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I recently learned that some parts of SGA require axioms beyond ZFC. I am just a simple algebraic geometer so I am trying to understand how can this fact impact my life (you may have engaged in a similar game with the axiom of choice at some point of your mathematical career). I think this was only needed in the volume developing cohomology of topoi, correct me if I am wrong.

The question: is there some statement about schemes not involving the word "topoi" that you know how prove using the additional axioms, but do not know how to prove without them? I believe this question has nothing to do with the notion of completeness in mathematical logic (because I am not asking if something can be proved in principle, just if there is an obvious argument). If there is some logical argument showing that the answer is negative, I would like to learn about that too.

Bonus points if the proof of the statement in your answer relies on a Weil cohomology theory, rather than something random (I do not know if this is even possible). To be more precise, a Weil cohomology theory is only defined for smooth projective schemes over a field, for which all of this should probably be irrelevant, so I mean that the cohomology theory you use restricts to a Weil cohomology theory for smooth projective schemes over a field.

P.S. There was similar discussion in the context of Fermat's theorem, and if I understand correctly, the user BCnrd insists that universes are useless for etale cohomology without giving a reference. I believe there are few people on this planet who know etale cohomology better than BCnrd so that's some useful information. The question is not, however, limited to etale cohomology.

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    $\begingroup$ "without giving a reference" That may be because no reference exists: I suspect this is the sort of thing where everyone familiar with the relevant arguments knows that they only need very concrete facts about etale cohomology, but nobody's bothered to write it up because it would be both straightforward and tedious. (Confession: I actually have no idea, being a complete doofus in the relevant topic, but this is what I've been told by people who aren't doofoi.) $\endgroup$ – Noah Schweber May 13 at 17:05
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    $\begingroup$ In general, finding a "natural" mathematical statement that is unprovable in ZFC (and that makes no overt mention of uncountable sets) is very difficult, even if you expressly set yourself the task of doing so. So the chances that any statement you care about as an algebraic geometer is unprovable in ZFC are very small. However, if you want a meta-theorem that "automatically" eliminates universes, then my understanding is that there isn't one---not because of any fundamental obstacle, but because practitioners don't write in a way that makes it easy to formulate a suitable meta-theorem. $\endgroup$ – Timothy Chow May 13 at 18:36
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    $\begingroup$ @TimothyChow Some care is needed with that paper, in my opinion, in particular around what McLarty means by "uses universes." I don't think he makes any claim that universes are actually needed, merely that they served as a simplifying tool for introducing some large-scale concepts used in the proof. Personally, my read of that paper was as at least in part a defense of the use of unnecessarily powerful methods (with which I agree wholeheartedly). $\endgroup$ – Noah Schweber May 13 at 23:25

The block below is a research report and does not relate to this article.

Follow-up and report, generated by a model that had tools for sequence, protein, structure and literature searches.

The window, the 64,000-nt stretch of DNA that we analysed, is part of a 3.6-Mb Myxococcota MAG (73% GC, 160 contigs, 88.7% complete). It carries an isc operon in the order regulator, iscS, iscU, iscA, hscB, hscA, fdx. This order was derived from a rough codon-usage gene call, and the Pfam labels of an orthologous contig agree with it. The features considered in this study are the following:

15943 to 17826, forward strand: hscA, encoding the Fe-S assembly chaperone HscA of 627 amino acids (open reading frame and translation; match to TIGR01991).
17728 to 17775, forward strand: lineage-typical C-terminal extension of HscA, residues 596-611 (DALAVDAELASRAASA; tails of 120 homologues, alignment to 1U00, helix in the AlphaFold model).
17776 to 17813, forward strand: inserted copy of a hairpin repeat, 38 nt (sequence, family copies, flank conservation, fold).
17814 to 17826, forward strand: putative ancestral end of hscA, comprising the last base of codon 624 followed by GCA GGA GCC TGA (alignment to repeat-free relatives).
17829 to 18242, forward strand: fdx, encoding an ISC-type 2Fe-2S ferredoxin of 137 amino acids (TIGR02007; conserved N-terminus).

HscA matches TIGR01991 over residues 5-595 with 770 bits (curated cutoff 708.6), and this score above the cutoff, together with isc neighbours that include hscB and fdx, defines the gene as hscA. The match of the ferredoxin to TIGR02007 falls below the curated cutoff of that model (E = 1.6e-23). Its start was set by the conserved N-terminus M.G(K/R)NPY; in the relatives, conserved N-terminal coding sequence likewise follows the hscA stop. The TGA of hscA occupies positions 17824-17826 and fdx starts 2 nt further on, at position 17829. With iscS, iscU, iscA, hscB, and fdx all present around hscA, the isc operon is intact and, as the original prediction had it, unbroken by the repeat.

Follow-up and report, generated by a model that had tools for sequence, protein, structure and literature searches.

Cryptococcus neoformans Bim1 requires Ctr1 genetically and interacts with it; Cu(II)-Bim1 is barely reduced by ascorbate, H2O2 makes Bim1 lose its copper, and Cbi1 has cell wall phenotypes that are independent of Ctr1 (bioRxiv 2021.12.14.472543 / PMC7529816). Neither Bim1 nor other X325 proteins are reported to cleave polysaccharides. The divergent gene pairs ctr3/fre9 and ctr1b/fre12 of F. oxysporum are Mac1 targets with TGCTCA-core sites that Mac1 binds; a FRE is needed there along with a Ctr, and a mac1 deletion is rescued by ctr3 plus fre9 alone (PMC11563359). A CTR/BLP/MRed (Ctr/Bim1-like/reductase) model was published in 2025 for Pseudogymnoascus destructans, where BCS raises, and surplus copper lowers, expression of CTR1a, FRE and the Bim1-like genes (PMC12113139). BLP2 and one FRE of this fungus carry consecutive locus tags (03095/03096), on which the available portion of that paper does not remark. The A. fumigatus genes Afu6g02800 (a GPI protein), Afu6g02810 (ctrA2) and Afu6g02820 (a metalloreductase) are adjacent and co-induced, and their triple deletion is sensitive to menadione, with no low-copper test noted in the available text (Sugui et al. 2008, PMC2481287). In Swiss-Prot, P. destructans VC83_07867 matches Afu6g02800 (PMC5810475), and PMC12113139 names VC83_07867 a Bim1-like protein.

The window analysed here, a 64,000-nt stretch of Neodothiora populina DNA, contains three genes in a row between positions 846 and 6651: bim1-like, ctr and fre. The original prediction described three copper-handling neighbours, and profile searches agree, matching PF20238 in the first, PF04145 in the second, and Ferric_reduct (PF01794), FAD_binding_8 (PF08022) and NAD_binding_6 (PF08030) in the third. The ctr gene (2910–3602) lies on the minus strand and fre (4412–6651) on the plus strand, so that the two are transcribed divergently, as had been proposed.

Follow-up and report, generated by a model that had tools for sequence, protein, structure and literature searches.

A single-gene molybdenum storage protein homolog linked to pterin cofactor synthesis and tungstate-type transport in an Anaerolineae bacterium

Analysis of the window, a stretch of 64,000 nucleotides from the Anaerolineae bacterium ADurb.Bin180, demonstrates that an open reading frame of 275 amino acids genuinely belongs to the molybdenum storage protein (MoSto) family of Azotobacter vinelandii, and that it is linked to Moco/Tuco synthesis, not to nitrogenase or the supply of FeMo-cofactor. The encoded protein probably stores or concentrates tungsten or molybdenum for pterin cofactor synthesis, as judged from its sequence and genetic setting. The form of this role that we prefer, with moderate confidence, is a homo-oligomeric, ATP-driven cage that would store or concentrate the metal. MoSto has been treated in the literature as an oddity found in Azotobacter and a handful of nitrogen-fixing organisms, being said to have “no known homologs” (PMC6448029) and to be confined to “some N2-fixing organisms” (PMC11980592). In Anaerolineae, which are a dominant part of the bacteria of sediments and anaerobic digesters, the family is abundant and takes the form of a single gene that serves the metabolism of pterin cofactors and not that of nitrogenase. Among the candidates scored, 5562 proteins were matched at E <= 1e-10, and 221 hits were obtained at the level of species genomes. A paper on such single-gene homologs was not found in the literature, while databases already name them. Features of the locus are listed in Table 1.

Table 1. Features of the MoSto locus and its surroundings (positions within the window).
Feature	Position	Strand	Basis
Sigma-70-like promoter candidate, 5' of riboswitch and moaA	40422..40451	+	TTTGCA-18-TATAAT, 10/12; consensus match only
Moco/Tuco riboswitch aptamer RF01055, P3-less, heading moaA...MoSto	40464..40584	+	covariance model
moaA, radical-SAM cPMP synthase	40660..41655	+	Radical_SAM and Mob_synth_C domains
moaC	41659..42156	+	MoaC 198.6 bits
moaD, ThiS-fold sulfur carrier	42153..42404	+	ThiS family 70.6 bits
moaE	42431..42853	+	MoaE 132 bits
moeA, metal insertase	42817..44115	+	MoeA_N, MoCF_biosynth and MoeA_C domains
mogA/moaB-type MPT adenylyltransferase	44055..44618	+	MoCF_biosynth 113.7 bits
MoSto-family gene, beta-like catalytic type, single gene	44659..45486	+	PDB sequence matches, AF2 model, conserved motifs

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    $\begingroup$ McLarty has gone further, and shown that much less than ZFC is required for derived functor cohomology, and the less assumed on the schemes of interest (for instance, Noetherian, or countable), the weaker the axioms needed. $\endgroup$ – David Roberts May 14 at 2:17
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    $\begingroup$ @MattF. I am not sure I understand. I believe the statement "every non-empty affine scheme has a closed point" is equivalent to the axiom of choice (as claimed here: arxiv.org/abs/1708.06494). Can you explain what are "the ordinary questions" in algebraic geometry? $\endgroup$ – user138661 May 14 at 7:09
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It's inherently difficult to give a negative answer to a question like this, but here's a technical fact that pushes in that direction:

Let ZFC$_n$ be the subtheory of ZFC gotten by restricting Separation and Replacement to $\Sigma_n$ formulas. By the reflection principle,$^1$ for each $n$ the theory ZFC proves that there is an ordinal $\alpha_n$ such that $V_{\alpha_n}\models$ ZFC$_n$. That is: $$\mbox{For each $n\in\mathbb{N}$, ZFC proves Con(ZFC$_n$).}$$

We can think of the $V_{\alpha_n}$s as "approximate universes" which behave like universes for all "sufficiently simple" formulas, the point being that if you specify a complexity level ahead of time you can always assume you have an approximate universe appropriate to that complexity level.

Now the compactness theorem now naively suggests that - since we can only ever use finitely many sentences in a given proof - any argument with universes whatsoever can be replaced with one involving just approximate universes, and hence a proof in ZFC. This is of course false, but counterexamples have to be "global" as opposed to "local" - they need to at some point refer to the whole of the universe in question as a single completed object.

For exampe, the way ZFC + universes proves the consistency of ZFC is by showing that a universe $U$ is a model of ZFC. The statement "$U\models$ ZFC" is expressed in the language of set theory by talking about Skolem functions over $U$ (or something morally equivalent), and this takes place in the context of the powerset of $U$. But this sort of thing isn't to my knowledge how universes are applied in algebraic geometry - they instead use a universe to argue that a "sufficiently closed" object exists in that universe, and this "local" argument is exactly the sort of thing that the reflection principle tells us can generally be reduced to ZFC alone.

Basically, a candidate example needs to not just take place inside a universe, but rather over a universe.

That said, there is an obvious place to look for such: arguments using two (or $n$) universes. The larger universe does see the smaller universe as a completed object, so the coarse heuristic above suggests that we can replace only the larger universe with an approximate universe - that is, that arguments which are quickly phrased in terms of two universes can be directly translated to arguments involving only one universe. Now we can't cheat anymore - we nee actual arguments about algebraic geometry. My understanding is that we're still in a situation where universes are an unnecessary convenience, but now I'm far outside of my area of competence. Still, the above should give an indication of why a real essential use of universes in a concrete result (which will certainly only involve reference to a small fragment of the cumulative hierarchy) would be very surprising.